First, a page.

- The Old Fart

9:04 pm  
Blogger D. B. Scott said...

There are many varieties of internship. Sometimes people are taken on as interns who have most of the skills right out of the gate and are therefore doing a full-time job, rather than being trained.

Sometimes people come with potential, but need a lot of training, in which case it can, and probably should be, be treated as extension of their education.

If the magazine gets real value from the work that is being done,I believe it should pay for that value.

Too many magazines pay a pittance or nothing at all because they feel they are doing interns a favour, without reflecting on what the interns are doing for them.

10:03 pm  
Anonymous Anonymous said...

The other challenge is that unpaid internships discriminate against those who don't
(a) have parents willing to support them
(b) have spouses willing to support them
(c) have another job that actually pays a wage, live in a shared living arrangement where your rent is about $200/month and only eat one meal a day

Many of the unpaid internships I've seen in action have not been "educational," they've been "exploitational": people who have all of the skills to do a real paid job but who are asked to do it for free on the off chance that they may eventually be offered a low-paying editorial job.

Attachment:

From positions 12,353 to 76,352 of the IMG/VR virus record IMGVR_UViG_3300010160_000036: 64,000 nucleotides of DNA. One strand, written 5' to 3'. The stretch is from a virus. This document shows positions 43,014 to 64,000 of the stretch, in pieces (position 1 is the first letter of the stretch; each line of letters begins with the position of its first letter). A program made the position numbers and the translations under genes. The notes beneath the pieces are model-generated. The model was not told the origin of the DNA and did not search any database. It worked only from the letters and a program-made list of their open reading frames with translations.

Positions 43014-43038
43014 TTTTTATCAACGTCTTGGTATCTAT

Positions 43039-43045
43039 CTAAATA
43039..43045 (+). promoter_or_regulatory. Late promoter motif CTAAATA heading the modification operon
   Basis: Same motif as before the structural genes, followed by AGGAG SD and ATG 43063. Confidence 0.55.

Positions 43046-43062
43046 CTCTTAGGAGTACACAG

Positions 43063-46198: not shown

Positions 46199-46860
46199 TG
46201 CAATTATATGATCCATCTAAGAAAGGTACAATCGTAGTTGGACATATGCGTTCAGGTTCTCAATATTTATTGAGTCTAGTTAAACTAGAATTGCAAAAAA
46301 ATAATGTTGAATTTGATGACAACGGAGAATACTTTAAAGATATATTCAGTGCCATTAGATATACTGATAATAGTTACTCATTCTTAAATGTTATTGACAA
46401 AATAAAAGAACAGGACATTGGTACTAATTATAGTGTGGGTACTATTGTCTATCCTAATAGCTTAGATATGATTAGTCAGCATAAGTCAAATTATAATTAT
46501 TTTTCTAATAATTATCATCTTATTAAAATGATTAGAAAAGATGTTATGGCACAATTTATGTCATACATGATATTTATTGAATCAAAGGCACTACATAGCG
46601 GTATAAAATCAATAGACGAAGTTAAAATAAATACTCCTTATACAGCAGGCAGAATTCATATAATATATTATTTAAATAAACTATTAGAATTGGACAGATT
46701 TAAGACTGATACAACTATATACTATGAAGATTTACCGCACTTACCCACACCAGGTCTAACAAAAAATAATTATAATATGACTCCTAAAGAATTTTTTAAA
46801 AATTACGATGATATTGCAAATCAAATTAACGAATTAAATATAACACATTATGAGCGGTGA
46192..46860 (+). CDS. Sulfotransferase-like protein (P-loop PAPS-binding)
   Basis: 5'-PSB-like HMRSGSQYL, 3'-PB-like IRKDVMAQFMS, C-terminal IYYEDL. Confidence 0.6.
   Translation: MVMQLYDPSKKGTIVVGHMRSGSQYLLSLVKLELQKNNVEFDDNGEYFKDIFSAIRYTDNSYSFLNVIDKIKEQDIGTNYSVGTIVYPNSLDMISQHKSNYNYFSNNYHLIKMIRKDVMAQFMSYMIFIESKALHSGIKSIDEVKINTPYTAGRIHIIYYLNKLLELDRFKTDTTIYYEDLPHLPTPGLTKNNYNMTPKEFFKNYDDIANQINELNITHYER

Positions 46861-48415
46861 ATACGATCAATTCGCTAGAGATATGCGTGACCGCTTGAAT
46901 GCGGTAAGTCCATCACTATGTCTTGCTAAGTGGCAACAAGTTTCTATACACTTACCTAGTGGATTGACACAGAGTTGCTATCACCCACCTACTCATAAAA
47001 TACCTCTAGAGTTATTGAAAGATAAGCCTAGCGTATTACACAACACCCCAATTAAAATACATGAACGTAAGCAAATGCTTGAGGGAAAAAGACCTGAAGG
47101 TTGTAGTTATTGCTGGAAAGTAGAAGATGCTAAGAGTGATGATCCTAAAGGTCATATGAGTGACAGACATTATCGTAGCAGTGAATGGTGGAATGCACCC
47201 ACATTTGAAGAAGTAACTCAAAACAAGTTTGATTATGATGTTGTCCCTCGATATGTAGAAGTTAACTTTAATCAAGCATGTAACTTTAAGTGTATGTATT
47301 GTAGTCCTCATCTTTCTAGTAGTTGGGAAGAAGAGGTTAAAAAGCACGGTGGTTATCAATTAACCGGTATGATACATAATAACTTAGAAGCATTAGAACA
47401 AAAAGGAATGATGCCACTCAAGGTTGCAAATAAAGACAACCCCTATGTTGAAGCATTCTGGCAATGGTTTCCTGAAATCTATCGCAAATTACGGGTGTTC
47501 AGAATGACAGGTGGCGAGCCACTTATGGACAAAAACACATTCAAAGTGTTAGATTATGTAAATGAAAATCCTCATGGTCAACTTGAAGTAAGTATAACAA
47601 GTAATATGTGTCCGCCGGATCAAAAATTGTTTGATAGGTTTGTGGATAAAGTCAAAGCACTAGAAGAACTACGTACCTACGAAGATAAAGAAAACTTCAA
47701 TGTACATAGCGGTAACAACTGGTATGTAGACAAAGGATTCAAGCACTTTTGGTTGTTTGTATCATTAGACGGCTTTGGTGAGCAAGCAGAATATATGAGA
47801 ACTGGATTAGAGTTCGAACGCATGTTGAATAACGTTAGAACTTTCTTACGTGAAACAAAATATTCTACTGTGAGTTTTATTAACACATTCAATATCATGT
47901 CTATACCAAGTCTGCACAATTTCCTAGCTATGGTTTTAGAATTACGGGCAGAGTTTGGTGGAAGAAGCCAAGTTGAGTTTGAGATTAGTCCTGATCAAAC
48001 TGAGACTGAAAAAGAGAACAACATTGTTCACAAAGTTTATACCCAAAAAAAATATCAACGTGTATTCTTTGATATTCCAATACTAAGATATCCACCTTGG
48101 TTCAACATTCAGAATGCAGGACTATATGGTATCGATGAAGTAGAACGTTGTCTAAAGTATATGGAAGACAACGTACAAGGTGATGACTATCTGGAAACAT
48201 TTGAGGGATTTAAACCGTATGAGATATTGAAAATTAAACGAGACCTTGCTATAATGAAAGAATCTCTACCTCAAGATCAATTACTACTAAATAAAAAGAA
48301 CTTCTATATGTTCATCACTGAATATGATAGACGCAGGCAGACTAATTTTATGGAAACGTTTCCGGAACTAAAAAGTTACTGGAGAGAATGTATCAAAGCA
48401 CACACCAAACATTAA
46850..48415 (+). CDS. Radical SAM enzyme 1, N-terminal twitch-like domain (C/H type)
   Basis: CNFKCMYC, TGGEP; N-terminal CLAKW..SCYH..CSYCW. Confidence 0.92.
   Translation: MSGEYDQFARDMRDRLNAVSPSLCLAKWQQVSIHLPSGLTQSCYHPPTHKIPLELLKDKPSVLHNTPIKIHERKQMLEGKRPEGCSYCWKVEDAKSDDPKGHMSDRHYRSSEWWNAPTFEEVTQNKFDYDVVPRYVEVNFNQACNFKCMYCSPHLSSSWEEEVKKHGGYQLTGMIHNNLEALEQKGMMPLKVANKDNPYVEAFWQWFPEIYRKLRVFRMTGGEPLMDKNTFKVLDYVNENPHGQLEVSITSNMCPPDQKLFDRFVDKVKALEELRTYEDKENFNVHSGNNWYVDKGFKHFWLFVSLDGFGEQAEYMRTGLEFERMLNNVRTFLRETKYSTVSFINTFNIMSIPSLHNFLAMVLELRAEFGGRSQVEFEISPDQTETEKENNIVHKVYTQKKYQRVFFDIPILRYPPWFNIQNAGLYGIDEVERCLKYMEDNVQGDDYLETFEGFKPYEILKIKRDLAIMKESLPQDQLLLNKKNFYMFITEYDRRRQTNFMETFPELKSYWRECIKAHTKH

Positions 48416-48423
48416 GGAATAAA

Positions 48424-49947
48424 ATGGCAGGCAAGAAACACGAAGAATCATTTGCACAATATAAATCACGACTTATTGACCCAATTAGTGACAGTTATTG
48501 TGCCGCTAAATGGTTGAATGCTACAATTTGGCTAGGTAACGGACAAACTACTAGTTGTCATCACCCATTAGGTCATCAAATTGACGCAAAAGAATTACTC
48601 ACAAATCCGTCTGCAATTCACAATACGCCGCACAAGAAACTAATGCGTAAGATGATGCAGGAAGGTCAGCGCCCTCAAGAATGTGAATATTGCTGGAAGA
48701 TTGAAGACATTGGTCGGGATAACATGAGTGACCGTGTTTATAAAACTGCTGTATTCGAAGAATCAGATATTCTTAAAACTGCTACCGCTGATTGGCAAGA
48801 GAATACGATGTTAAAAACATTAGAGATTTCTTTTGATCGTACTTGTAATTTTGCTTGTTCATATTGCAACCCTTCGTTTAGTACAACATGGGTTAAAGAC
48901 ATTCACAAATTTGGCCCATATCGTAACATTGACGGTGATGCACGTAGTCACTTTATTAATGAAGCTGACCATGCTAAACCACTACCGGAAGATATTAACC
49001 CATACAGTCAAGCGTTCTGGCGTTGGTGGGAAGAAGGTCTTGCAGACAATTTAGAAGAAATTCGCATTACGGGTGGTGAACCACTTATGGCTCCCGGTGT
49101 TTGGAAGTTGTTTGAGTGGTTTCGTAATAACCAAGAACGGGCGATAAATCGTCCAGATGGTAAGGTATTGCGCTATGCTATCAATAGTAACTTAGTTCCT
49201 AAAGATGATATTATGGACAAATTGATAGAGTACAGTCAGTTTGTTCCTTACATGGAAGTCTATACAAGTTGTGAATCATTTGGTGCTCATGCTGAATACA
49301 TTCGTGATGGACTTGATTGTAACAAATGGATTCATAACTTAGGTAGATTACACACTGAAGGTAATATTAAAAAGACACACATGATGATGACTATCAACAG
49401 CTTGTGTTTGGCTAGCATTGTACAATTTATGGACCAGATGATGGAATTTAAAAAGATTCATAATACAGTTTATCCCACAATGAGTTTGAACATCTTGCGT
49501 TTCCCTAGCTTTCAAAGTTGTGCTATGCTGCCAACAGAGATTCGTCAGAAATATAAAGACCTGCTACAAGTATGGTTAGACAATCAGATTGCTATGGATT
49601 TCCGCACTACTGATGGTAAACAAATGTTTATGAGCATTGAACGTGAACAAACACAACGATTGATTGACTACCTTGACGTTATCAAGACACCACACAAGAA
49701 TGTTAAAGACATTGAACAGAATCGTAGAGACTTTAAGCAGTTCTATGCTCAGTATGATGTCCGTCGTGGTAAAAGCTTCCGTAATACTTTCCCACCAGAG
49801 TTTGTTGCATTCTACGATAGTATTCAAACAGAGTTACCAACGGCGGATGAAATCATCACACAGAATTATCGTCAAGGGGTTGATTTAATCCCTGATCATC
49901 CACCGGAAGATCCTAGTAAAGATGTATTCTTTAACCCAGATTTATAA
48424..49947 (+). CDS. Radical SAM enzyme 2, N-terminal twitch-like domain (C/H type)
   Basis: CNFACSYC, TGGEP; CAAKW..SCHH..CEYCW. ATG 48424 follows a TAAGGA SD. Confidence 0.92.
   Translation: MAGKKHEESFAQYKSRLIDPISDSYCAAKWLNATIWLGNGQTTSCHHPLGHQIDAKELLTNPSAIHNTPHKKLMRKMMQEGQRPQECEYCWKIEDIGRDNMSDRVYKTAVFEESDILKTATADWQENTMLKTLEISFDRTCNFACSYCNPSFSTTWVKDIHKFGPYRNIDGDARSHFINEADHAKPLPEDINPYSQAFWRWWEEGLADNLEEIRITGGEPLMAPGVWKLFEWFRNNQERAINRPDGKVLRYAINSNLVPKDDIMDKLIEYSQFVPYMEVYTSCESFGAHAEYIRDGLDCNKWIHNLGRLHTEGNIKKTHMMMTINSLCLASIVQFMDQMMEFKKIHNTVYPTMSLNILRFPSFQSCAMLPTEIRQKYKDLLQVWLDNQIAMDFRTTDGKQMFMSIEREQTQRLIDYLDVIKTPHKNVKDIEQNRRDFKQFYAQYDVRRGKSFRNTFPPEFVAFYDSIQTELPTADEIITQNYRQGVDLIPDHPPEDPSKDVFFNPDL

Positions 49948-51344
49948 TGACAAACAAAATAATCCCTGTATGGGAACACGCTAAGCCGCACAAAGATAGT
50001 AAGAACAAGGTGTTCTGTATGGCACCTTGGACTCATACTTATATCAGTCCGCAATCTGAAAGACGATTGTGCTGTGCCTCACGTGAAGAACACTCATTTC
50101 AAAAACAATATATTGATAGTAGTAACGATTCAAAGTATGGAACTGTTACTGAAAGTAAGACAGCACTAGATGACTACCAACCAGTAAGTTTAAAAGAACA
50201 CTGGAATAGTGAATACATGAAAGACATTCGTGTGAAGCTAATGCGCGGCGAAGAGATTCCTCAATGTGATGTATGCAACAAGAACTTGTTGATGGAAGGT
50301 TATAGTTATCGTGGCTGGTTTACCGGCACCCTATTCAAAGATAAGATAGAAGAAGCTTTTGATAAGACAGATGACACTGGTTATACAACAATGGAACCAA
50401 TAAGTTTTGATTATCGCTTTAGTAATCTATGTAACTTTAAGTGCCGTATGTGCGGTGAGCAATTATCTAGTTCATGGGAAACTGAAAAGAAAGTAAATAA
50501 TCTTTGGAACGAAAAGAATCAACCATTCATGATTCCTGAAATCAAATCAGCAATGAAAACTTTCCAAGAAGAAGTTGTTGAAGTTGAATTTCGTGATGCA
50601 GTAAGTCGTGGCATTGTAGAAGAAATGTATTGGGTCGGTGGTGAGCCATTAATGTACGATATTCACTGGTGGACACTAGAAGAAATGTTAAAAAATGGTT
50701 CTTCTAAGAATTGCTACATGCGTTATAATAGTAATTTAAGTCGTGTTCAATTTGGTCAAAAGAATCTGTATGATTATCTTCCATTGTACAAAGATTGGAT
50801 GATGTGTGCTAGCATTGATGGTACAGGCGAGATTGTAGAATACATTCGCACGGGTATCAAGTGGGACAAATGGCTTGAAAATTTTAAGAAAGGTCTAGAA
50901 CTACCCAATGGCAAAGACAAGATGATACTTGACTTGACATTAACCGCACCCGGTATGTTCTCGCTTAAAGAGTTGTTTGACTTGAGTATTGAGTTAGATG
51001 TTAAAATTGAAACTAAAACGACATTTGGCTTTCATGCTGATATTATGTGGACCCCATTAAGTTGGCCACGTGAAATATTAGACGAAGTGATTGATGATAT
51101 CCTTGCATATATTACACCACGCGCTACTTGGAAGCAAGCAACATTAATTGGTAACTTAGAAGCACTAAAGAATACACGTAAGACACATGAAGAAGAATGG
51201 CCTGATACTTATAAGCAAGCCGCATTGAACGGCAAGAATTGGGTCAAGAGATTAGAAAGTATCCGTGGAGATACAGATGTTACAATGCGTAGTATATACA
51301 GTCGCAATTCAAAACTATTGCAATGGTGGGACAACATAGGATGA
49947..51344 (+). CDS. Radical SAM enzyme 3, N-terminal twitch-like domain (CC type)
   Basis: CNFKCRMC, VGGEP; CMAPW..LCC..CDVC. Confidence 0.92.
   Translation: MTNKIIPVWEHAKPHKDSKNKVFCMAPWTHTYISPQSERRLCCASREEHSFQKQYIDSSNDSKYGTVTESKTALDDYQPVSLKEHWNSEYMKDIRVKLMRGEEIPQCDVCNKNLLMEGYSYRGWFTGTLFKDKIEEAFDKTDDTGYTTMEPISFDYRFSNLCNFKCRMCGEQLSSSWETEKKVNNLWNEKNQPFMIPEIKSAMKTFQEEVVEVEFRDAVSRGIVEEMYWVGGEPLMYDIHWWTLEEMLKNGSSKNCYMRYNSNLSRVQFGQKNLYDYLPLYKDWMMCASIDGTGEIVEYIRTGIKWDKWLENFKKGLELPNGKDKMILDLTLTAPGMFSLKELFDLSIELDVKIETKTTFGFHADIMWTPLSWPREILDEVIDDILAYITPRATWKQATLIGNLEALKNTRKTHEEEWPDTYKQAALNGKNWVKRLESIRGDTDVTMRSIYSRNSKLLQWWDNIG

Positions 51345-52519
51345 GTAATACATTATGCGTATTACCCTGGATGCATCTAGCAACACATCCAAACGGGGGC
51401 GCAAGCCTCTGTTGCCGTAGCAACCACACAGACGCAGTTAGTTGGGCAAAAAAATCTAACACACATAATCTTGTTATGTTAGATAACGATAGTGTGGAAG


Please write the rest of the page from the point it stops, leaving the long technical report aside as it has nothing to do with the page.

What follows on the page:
And that's another concern: getting it for free devalues all editorial jobs. There's a reason you rarely see unpaid internships on the ad sales and business side of publishing--because ad reps know that their job is actually worth paying for. We editorial types, on the other hand, are just so gosh-darn grateful to be paid for our passion--and so uncomfortable with that whole filthy lucre thing--that we promote the idea that if you really, really love what you do, you should be willing to do it for next to nothing--and sometimes, for nothing at all.

10:00 am  
Anonymous Anonymous said...

Old Fart, you're absolutely right. Students with loans and living expenses should be honoured to forego a paycheque, commute to a downtown office, and pay for meals and clothing (not to mention lattes with the editing crew) just for the privilege of (perhaps) a byline or their name in the masthead. What was I thinking?

Anonymous 1

6:09 pm  
Anonymous Anonymous said...

Old Fart -- Paid internships are great...and yes, unpaid internships are also great for those few priveleged, parent-supported, indepedently wealthy, willing to live in abject poverty for their "craft"....but for the rest of us young farts it's not so great at all.
And yes, you have to pay for journalism school. But you can also get scholarships or student loans to go to journalism school.
As for This magazine's work-for-free program, yes, it is pretty ironic that the lefty political magazine participates in a system that simultaneously helps the rich and priveleged gain the experience they need to one day hold positions of influence in the media world AND exploits their workers (or is it all just a cruel joke they're playing on the rich kids).

Finally, Old Fart, how much free labour did you put in when you got your start? 6 months? a year?
'Cause back when you started I'm sure it was all about the love of a great magazine too....wasn't it?

5:56 pm